In the dying days of this Congress, food activists face an awful choice: Should we support the increased funding of children's school lunches, even if it means taking money from a family's food stamps? That is what's on the table in a version of the Child Nutrition Reauthorization Bill passed by the Senate, in which an improved school meal program will be paid for by cutting back $2 billion in funding for food stamps in 2013.
No one disputes that poor children need to be better fed, but government food stamp entitlements are the last tatters of a safety net for many millions of people. Evidence? Earlier this month, the U.S. Department of Agriculture announced that 50.2 million Americans were food insecure in 2009, a mere 1 million more than the year before. Although that's still one in six people, the figure was a victory. Given the soaring rates of poverty and unemployment in 2009, there could have been considerably more food insecure people.
You'd think we'd be ashamed of those numbers.
We need to expand both SNAP and school lunch programs. That means rejecting the Sophie's Choice between families and children. Behind the logic of paying for school lunches with food stamp funding is an assumption that, if poor families are sinking, "save women and children first." The trouble is that cutting the food stamp program will hurt women more than men. Look at who goes hungry in the U.S.: over a third of all single-female-headed households who have children are food insecure. No other household demographic is as likely to be going hungry. So, cut SNAP and who gets hurt? America's poorest women.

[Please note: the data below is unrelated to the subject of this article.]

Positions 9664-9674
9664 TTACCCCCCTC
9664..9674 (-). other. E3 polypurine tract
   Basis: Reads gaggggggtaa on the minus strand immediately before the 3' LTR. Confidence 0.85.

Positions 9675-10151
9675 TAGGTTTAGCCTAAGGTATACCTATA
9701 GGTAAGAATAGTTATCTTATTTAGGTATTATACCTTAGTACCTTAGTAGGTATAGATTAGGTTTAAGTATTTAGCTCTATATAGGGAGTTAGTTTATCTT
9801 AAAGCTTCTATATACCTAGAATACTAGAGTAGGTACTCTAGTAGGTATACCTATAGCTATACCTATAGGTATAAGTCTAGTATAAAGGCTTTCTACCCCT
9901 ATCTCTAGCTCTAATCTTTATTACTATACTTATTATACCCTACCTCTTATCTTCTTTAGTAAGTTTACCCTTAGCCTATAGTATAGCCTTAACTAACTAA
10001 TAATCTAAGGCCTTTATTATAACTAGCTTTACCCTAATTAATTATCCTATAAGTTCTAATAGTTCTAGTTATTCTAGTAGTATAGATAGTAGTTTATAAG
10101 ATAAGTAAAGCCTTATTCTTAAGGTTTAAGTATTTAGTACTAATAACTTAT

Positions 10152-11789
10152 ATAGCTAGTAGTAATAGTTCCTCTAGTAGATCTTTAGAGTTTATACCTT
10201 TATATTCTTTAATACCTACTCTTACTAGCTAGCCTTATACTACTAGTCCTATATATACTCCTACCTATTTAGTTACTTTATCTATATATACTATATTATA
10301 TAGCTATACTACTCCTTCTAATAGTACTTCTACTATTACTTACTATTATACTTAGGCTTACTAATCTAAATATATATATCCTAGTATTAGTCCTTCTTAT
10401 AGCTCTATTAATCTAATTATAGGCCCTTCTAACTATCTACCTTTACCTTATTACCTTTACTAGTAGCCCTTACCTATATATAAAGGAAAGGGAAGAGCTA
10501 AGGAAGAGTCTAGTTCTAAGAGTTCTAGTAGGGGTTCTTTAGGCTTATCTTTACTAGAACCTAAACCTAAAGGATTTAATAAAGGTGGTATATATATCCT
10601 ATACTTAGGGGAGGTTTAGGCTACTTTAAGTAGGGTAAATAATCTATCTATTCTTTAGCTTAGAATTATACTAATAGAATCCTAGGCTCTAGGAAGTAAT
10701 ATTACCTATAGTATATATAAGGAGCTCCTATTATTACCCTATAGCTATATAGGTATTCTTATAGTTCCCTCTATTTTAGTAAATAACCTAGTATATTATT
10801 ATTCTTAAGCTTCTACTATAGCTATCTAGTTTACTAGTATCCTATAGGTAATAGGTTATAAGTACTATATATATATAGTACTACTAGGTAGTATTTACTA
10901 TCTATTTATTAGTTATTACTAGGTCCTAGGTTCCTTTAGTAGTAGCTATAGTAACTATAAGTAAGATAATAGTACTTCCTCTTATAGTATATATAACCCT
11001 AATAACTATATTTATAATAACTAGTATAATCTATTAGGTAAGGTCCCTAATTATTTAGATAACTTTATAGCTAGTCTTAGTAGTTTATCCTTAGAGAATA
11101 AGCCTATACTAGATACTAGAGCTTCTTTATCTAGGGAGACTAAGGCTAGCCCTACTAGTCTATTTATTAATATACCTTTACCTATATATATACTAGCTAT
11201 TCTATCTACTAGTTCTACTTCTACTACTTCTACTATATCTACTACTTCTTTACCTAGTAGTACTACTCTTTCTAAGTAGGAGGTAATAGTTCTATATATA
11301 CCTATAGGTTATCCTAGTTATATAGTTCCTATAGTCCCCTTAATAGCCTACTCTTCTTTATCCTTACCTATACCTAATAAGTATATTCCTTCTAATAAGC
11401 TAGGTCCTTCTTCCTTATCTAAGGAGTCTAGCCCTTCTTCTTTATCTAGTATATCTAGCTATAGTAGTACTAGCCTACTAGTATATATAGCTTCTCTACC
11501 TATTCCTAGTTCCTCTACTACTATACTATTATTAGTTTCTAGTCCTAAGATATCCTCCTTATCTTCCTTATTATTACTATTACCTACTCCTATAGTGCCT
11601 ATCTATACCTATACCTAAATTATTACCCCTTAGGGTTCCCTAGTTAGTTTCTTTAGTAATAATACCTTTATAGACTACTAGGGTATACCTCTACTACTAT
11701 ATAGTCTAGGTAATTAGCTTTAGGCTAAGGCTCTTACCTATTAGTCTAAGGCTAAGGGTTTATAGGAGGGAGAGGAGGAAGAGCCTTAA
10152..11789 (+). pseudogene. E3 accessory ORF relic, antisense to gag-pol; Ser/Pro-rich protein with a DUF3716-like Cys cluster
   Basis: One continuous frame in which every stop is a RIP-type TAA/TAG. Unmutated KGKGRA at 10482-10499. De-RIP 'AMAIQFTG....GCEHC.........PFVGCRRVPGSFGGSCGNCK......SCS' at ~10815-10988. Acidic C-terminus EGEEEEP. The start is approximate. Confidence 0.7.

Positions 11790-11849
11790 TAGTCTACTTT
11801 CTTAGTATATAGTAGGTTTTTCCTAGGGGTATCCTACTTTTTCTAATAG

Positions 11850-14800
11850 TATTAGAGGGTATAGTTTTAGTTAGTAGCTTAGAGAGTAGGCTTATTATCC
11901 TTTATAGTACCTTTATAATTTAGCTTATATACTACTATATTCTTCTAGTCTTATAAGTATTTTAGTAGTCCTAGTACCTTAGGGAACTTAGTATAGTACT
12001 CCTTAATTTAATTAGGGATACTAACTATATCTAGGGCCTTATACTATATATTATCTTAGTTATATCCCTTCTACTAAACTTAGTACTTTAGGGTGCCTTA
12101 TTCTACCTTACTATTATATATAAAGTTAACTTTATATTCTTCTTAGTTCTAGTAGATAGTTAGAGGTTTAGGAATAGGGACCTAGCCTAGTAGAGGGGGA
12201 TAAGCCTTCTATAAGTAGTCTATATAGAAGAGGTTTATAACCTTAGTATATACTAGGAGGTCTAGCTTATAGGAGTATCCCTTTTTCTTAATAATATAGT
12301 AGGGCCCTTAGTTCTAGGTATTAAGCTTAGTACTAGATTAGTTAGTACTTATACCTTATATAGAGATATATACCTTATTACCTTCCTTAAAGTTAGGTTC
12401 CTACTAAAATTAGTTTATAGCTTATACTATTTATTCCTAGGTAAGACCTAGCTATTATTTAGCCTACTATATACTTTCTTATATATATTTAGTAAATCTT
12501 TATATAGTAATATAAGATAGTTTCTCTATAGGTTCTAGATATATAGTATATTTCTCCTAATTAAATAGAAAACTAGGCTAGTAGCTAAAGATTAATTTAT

You'd think we'd be ashamed of that, too.
To put this all into perspective, we know from the OMB that the cost of extending the Bush tax cuts will be $5 trillion over the next ten years. American children are being hurt by hunger. Their families are too. The idea of choosing between them would be morally repugnant if, indeed, it were a choice—but what becomes increasingly clear when you look both at the economics and sociology of hunger is that you can't save one group without saving the other. There is no Sophie's Choice here—there are simply degrees of harm that we allow to be inflicted on the poor.
Our legislators are huffing and puffing to extend those tax cuts - while soberly shaking their heads and expressing their faux-sorrow that in these perilous economic times that we must all tighten our belts and accept some suffering. Will Congress really take food from the mouths of children so as not to inconvenience the rich?
cross-posted at MainSt/workingamerica.org